ROBOT MASTECTOMY


Mastectomy is one of the surgical treatments for women with breast cancer or a risk-reducing procedure for women with high risk for breast cancer. Even though breast-conserving surgery was developed to increase cosmesis and the quality of life (QoL) of patients, approximately 30-50% of patients with breast cancer are still undergoing mastectomy rather than breast-conserving surgery.

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Figure 1. Postoperative scars of breast-conserving surgery (left) and mastectomy (right)

Mastectomy causes body deformity because this procedure removes not only the breast tissue but also the overlying skin and nipple. To improve cosmetic outcomes, procedures preserving the overlying skin and nipple were developed: skin-sparing or nipple-sparing mastectomy. However, these procedures have several limitations such as long scars on the overlying skin (Figure 2A), skin or nipple necrosis, and difficult technique to achieve proper surgical outcomes. To overcome these disadvantages of mastectomy, endoscopic or robotic procedures were developed.

 

Robot and endoscopic mastectomy have several advantages compared to conventional mastectomy. A main advantage of these procedures is a hidden small scar (Figure 2B). The procedure through a small axillary incision results in better cosmesis causing increased QoL compared to conventional mastectomy. Without precise endoscopic devices like robotic surgical systems, the small axillary incision, sized 2.5-6cm, is nearly impossible to perform. Surgeons call this procedure minimally invasive or minimal-access breast surgery.

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Various types of incisions in conventional nipple-sparing mastectomy and robot-assisted nipple-sparing mastectomy. (A) Types of incision in conventional nipple-sparing mastectomy: 1) Lower-periareolar incision with/without extension, 2) Radial incision, 3) Curvilinear incision, 4) Upper-periareolar incision with/without extension, 5) Elliptical incision, 6) Inframammary fold incision; (B) Type of incision in robot-assisted nipple-sparing mastectomy: 7) Lateral incision.

Figure 2. Postoperative scars between conventional NSM (A) and Robot mastectomy (B)¹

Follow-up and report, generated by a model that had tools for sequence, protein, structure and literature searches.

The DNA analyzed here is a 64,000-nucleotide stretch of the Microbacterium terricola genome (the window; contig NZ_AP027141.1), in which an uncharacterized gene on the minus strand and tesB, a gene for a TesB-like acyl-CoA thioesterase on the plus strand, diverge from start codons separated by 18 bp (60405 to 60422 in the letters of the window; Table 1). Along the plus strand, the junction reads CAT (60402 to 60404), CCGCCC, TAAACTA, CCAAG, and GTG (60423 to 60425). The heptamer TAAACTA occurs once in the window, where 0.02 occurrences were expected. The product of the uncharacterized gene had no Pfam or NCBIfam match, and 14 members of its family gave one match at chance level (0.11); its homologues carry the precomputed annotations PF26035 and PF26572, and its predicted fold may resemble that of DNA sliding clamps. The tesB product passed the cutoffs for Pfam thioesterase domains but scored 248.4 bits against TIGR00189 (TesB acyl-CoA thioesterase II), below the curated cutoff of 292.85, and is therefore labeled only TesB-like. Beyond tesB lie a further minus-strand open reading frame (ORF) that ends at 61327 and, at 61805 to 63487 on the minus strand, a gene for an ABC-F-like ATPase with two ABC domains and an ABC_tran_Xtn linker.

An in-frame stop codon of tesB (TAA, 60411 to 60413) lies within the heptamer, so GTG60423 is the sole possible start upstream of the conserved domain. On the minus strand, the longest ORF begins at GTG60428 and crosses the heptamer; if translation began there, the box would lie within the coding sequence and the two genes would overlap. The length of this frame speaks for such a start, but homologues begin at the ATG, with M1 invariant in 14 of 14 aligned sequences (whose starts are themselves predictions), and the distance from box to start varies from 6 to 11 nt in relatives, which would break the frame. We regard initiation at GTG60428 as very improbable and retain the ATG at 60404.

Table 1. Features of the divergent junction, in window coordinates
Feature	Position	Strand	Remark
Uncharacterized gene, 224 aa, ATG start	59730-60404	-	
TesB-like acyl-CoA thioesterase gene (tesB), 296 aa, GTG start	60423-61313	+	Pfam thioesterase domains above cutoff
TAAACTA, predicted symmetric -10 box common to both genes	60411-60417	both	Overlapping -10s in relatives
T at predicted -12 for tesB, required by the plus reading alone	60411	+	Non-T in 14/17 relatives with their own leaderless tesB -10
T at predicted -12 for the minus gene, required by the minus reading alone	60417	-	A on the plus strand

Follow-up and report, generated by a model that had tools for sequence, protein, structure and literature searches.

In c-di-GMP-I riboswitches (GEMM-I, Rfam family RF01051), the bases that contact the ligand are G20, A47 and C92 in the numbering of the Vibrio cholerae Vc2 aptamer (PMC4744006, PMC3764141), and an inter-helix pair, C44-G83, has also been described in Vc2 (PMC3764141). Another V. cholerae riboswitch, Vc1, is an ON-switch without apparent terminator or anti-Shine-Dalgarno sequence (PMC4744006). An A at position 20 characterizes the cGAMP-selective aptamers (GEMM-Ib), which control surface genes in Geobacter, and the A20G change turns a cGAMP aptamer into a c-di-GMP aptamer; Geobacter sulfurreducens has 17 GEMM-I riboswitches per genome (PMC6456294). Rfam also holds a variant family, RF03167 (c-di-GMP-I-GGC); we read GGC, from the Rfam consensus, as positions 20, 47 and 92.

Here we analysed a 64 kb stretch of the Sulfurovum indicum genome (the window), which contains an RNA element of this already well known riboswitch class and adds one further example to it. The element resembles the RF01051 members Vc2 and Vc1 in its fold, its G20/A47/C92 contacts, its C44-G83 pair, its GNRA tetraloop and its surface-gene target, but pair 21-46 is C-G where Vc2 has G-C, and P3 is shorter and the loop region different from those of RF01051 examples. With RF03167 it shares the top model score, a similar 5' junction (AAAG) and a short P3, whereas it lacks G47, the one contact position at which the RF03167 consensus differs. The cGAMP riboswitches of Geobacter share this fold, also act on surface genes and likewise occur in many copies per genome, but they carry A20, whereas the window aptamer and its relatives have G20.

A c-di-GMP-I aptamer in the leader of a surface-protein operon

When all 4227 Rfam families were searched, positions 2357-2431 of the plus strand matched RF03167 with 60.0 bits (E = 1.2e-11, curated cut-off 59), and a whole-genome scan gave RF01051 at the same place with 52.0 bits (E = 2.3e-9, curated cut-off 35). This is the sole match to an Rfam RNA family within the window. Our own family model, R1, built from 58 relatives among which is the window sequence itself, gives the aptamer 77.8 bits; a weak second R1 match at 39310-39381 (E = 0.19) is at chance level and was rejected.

Main differences between robot and endoscopic mastectomy are their technical difficulty and feasibility. Rigid endoscopic devices need specialized techniques to handle them, and furthermore a procedure using these devices is quite labor-intensive for surgeons. Meanwhile, robotic surgical systems enable surgeons to perform mastectomy more easily than endoscopic devices do. The high-resolution 3D camera and highly flexible robotic arms allow a full range of motion mimicking surgeon’s motion on the surgical field.

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Figure 3. Robotic surgical systems²

The US FDA announced that the use of robotic surgical systems in mastectomy is not cleared because of the lack of clinical evidence. Therefore, the US FDA recommends that the benefits, risks, and alternatives of all available treatment options should be discussed between patients with health care providers. The surgeon’s experience and surgical outcomes should be discussed before choosing robotic mastectomy.

 

 

The Severance Robot Mastectomy Program

 

In 2013, the inaugural robotic mastectomy program began in Severance Hospital. The first attempt for robotic mastectomy in Severance was not a procedure on a living subject but on a cadaveric model. At that moment, robotic surgery in various fields including thyroid, stomach, colorectal, thoracic, pediatric, and urologic surgery was far advanced in Severance Hospital, however, robotic mastectomy was still in uncharted water even in this world-leading hospital in robotic surgery.

 

The first motivation for a robotic mastectomy was the article by Selber et al. from MDACC. The first LD reconstruction using a robotic system quite fascinated Prof. Park and his colleagues in plastic surgery to apply the new method. After discussion, they decided to begin not only a robotic reconstruction but also a robotic mastectomy for the first time in the world.  The first cadaveric studies in 2013 were quite successful and suggested valuable implications for robot mastectomy.

 

From this beginning, he first performed robot mastectomy for a patient in 2016 at Severance Hospital, Seoul, Korea. This was the first case in Asia. So far, Prof. Park and his team have performed over 200 cases of robot mastectomy since 2016. His team makes efforts to establish new methods of innovative surgery in the treatment and preventive management for women with breast cancer or high-risk factors.

 

 

 

 

Reference

1. Lee J, Park HS, Lee H, et al. Post-Operative Complications and Nipple Necrosis Rates Between Conventional and Robotic Nipple-Sparing Mastectomy. Front Oncol. 2020;10:594388.

2. Intuitive. Intuitive, da Vinci, Robotic Surgical System2019 Available at: https://www.intuitive.com/en-us/products-and-services/da-vinci Accessed December 10, 2019.

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